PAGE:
Shepherd said he expects the attorney general to investigate the matter, but was confident they would not find any illegal activity had occurred.
The auditor also alleged that the city had expended tourism funds for non-tourism related purposes without input or approval of the Salyersville Tourism Commission.
Though the city had enacted a restaurant tax to generate funds to promote tourism in 1997, which is to be overseen by a tourism commission, the commission has not met since 2009.
“While the City has attempted to appoint members to the Commission since that time, it has not ensured regularly scheduled meetings of the Commission have occurred,” the auditor stated.
Shepherd took the blame for that, as well, noting that he had appointed people, but had not pushed for them to meet. He said they are scheduled to meet this week, however, and he plans to make sure they keep a regular meeting schedule.
The auditors sampled 63 expenditures from the handwritten disbursement ledgers of the tourism fund from July 1, 2017, through April 30, 2019, breaking down the spending as follows: 3% personal in nature, 5% made in error, 8% partial tourist activity, 16% tourist activity, 19% unclear purpose, and 49% standard city expenditures.
The auditor listed the following as being either standard city expenditures or as unclear in purpose:
• Contract labor for three people for election work $360
• Mowing a cemetery $250
• Payment of two city workers’ medical bills $263
• Health insurance for city workers $1,662
• Christmas gifts to be given away at community event $2,502
• Excavation of public road $1,120
• Concrete work for tornado shelter $5,000
• General use gasoline $2,919
• Portion of workers compensation insurance $13,187
• Monthly financial support for rescue squad $1,000
• Coffee for City Hall and Fire Department $259
• Pumper truck for Fire Department $4,000
• Boots for street department workers $1,378
• Gasoline for storm victims $249
• Laundering uniforms for 5 workers $122
• Contract labor for Street and Parks Departments $342
Shepherd said determining what expenditures are related to tourism is a “very vague area,” noting that he felt many of the items were directly related to tourism. He stated that the concrete work for the shelter was justified since that would serve people in the park. Workers compensation insurance covered the workers as they hung up flowers, cleaned at the park, and swept the streets.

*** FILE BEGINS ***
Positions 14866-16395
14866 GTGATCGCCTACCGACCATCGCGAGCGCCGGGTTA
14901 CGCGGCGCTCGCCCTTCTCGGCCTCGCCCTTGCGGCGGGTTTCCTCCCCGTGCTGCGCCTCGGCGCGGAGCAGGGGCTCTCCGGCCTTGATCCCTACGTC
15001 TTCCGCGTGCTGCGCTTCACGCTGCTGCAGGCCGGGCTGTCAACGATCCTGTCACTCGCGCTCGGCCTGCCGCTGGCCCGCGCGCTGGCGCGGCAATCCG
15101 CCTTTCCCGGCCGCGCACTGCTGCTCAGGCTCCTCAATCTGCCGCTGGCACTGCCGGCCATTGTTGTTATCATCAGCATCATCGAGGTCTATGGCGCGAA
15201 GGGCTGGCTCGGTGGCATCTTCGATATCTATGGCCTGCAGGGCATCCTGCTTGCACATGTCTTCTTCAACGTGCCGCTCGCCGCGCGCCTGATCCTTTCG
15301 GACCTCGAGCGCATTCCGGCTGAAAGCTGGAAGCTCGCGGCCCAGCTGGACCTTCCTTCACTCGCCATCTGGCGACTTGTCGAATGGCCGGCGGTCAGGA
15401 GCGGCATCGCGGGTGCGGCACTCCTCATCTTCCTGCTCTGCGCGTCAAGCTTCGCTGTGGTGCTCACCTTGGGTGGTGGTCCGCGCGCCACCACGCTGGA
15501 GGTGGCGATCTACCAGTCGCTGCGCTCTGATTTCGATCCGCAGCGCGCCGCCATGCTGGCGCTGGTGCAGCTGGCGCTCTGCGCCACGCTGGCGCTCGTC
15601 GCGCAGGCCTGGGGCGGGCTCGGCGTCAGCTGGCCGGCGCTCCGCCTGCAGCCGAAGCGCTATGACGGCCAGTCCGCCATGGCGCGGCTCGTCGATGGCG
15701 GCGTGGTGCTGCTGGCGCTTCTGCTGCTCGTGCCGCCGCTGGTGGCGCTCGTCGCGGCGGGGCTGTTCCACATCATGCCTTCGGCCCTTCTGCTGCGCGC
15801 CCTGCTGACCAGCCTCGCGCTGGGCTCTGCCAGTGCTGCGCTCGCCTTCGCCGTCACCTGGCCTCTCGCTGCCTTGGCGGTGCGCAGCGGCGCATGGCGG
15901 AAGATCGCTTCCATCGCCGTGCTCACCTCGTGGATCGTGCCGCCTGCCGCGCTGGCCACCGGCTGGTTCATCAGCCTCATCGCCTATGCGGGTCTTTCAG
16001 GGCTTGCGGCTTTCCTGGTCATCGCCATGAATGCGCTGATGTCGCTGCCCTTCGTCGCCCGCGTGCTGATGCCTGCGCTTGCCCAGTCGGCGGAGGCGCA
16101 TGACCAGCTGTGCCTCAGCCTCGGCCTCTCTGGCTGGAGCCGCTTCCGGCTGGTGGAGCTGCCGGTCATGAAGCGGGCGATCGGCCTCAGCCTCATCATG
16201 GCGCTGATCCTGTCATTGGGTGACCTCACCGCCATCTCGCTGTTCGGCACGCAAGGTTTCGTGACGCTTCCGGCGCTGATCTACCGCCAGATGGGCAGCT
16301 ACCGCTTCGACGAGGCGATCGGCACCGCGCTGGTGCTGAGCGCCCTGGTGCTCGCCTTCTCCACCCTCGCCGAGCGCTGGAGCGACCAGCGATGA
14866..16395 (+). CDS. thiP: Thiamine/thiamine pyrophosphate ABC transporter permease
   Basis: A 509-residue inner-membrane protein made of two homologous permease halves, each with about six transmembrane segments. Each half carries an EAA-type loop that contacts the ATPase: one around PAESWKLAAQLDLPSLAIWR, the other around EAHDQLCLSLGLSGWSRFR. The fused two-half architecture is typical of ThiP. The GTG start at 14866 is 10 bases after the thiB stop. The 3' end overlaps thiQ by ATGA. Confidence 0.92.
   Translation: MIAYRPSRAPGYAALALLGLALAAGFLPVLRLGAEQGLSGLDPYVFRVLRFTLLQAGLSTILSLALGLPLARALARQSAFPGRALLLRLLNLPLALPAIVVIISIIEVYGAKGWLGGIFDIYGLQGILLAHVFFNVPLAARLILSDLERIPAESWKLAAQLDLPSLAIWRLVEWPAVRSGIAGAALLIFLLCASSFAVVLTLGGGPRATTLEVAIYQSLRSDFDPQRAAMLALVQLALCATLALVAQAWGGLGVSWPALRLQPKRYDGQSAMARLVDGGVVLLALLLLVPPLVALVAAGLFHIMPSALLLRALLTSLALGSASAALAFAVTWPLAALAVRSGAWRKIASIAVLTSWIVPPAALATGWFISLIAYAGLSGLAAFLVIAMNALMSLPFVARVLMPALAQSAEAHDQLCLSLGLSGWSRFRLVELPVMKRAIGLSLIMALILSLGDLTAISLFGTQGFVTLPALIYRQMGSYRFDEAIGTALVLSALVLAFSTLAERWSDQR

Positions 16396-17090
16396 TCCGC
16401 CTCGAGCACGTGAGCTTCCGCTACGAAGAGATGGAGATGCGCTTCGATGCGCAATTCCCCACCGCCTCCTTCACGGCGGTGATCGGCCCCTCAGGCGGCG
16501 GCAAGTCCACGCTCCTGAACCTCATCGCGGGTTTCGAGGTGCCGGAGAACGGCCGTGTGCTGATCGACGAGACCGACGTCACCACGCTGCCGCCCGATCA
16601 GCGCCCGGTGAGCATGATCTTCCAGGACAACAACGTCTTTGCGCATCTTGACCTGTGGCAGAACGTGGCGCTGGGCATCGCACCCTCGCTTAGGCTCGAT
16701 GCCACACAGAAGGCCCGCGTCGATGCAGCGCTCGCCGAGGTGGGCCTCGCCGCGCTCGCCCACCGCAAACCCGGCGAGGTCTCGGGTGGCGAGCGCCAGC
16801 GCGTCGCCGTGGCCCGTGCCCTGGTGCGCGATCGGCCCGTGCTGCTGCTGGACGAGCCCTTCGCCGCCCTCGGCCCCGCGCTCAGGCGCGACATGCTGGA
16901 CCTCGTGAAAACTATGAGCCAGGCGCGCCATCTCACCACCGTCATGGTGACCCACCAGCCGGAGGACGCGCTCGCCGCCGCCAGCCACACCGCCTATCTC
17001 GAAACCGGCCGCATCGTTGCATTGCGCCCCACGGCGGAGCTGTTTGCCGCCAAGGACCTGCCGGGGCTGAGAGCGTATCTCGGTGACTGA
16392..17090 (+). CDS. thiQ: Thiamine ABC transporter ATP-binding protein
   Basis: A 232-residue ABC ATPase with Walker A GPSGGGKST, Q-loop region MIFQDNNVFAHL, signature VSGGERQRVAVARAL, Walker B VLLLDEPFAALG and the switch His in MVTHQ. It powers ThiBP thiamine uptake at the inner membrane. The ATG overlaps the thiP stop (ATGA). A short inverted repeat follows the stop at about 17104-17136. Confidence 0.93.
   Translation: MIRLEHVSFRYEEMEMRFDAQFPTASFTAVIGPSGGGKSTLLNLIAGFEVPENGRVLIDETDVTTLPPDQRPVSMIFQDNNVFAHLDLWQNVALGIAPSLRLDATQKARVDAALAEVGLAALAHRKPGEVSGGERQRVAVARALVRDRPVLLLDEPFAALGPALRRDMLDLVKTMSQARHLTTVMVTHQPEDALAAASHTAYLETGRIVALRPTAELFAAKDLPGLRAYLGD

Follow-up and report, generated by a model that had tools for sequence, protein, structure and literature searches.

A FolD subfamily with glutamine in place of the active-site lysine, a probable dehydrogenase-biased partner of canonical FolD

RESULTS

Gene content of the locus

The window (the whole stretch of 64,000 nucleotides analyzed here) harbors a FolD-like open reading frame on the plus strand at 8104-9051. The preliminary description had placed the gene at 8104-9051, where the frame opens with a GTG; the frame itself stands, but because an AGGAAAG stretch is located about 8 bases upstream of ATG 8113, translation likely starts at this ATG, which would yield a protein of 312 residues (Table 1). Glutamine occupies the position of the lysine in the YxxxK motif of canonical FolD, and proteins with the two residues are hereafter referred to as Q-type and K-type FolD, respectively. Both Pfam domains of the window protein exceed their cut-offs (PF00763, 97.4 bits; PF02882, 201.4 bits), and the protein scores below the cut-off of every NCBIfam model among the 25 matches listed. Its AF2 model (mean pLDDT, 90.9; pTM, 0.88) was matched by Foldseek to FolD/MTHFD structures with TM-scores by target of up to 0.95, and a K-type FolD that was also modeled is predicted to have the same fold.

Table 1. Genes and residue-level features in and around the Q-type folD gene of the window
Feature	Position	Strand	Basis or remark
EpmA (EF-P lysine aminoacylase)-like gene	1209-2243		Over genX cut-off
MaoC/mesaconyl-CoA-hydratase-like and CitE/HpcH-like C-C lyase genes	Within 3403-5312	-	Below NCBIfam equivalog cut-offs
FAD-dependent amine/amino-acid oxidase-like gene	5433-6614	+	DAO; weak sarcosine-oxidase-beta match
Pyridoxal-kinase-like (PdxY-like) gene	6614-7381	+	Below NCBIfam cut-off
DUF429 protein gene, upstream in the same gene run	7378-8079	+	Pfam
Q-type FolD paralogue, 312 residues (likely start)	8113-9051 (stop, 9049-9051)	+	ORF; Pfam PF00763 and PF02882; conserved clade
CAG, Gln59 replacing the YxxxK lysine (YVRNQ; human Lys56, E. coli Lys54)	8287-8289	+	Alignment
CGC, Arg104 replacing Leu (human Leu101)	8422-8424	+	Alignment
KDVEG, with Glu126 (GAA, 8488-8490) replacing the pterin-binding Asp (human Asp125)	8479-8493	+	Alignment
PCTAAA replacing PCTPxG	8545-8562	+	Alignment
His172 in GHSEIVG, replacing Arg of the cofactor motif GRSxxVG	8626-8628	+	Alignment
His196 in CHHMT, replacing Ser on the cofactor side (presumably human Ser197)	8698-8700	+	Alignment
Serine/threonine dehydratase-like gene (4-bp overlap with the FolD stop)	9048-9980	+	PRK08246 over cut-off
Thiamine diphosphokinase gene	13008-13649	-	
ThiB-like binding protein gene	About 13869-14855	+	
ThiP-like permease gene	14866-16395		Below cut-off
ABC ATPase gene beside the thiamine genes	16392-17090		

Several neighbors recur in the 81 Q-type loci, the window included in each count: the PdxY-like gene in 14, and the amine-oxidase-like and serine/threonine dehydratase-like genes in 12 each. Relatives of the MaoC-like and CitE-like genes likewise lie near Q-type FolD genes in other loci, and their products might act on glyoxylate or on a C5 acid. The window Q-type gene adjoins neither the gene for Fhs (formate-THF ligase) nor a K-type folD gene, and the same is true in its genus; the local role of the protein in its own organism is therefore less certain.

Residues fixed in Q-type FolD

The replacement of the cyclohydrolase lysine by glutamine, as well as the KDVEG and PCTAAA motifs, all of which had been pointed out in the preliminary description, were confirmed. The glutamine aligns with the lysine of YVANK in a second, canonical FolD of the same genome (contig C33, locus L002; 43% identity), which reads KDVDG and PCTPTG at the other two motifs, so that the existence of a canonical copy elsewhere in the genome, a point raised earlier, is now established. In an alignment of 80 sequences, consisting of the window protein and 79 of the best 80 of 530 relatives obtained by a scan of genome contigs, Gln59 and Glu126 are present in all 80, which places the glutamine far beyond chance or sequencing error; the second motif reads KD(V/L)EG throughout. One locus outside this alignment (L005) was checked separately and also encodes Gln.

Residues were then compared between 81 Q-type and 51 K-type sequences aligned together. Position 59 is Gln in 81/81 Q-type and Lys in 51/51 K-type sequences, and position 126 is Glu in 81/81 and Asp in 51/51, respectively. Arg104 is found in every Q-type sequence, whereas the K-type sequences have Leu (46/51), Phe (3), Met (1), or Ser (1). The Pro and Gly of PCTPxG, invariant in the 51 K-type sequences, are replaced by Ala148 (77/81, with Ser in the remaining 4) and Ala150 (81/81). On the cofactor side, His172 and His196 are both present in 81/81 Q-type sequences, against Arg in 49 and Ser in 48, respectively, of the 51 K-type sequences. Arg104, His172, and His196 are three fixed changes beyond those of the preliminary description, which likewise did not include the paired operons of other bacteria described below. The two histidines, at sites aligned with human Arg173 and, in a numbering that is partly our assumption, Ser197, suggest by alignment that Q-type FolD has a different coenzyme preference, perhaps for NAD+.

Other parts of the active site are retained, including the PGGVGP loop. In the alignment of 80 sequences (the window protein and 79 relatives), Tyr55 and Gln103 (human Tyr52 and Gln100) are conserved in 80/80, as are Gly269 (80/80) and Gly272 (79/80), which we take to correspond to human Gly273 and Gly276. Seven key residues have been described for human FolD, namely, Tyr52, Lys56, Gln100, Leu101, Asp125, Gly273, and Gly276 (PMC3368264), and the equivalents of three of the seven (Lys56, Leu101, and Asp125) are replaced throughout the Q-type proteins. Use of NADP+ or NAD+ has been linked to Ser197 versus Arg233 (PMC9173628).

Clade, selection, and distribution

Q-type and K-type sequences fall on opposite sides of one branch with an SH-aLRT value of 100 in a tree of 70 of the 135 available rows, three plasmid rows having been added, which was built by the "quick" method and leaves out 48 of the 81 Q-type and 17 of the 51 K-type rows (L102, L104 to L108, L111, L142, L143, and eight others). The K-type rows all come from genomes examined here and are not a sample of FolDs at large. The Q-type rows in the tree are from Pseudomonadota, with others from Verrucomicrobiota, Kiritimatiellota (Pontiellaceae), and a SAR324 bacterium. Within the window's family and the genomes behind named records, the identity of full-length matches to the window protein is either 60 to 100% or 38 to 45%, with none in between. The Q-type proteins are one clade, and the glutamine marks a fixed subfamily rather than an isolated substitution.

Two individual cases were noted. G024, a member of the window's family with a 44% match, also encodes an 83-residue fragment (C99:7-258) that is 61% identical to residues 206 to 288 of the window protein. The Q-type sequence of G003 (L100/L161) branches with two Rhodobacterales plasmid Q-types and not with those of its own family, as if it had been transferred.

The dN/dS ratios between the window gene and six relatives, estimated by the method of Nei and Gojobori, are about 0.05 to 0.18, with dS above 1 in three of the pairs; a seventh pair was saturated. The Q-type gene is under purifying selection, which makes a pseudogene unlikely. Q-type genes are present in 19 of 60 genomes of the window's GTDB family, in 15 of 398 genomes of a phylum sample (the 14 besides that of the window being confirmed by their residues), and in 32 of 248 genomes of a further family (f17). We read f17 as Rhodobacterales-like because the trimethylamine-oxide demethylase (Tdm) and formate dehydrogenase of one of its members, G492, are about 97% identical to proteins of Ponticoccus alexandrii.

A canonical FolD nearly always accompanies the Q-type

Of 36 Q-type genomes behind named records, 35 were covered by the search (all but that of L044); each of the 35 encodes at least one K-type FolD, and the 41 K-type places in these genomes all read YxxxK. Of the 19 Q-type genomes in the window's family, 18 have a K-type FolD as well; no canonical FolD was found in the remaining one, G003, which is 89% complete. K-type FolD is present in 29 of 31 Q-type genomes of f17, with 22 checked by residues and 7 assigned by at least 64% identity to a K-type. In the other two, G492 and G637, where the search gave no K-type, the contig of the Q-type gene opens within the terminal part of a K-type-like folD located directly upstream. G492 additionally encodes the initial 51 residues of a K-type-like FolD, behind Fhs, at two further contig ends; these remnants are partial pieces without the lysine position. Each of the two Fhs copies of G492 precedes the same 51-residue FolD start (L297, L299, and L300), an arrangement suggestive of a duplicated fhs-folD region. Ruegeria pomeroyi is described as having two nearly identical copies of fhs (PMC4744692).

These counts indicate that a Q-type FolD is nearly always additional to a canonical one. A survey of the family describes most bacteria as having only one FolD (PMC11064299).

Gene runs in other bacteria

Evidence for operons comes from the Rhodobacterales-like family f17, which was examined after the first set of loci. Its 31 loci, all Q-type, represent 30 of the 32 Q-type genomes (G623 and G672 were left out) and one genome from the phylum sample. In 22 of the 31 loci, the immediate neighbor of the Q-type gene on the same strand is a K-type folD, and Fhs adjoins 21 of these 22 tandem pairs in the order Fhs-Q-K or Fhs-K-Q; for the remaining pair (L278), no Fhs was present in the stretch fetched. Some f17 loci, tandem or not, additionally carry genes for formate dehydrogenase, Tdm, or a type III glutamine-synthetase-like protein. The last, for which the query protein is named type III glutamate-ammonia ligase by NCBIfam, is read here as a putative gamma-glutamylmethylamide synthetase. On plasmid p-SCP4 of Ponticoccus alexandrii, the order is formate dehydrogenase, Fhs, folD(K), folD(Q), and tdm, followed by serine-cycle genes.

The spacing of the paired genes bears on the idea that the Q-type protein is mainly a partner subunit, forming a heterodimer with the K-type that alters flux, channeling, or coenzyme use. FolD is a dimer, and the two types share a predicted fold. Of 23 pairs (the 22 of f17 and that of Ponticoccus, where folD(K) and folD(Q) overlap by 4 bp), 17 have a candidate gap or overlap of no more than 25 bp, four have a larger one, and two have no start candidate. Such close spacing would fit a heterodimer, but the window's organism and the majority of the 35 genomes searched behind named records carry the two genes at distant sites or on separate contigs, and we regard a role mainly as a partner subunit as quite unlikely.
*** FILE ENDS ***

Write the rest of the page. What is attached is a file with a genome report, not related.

“As far as the pumper truck, that was a partial payment and it’s what we use to clean the park every time it floods,” Shepherd explained. “A lot of these things overlap.”
He also noted that the totals were not full costs of those items, but just percentages of the payments to reflect their worth towards tourism.
Shepherd also stated that the “financial support” for the rescue squad is a donation made annually, not monthly, and is made to compensate them for helping with crowd control, traffic, etc., during tourism events, such as Heritage Days.
As for the money spent on toys for kids after the Christmas parade, he said that is not from tax money, but from donations for that specific event.
The auditor noted that two expenditures were personal in nature, one for funeral flowers, and the second as “payday advances,” which they likened to interest-free personal loans from public funds. Shepherd said he was just trying to help his workers and all money was paid back, noting that they no longer do advances like that.
Since this was not a traditional audit, Shepherd was not given the opportunity to respond to the findings prior to it being released to the general public.
“I wish they would have asked me because a lot of this has been changed,” Shepherd said. “We bent over backwards to comply to their requests for documents. What bothers me is how some of it is wrong and some can’t be justified, but some of it can be if they had just asked.”
The auditor recommended that the city reestablish routine meetings of the tourism commission and that the commission work with the city to create and enforce rules for expenditures made with tourism funding.
The letter was sent to the city council members, as well as referred to the Kentucky Attorney General, the U.S. Department of Housing and Urban Development and the Salyersville Board of Ethics.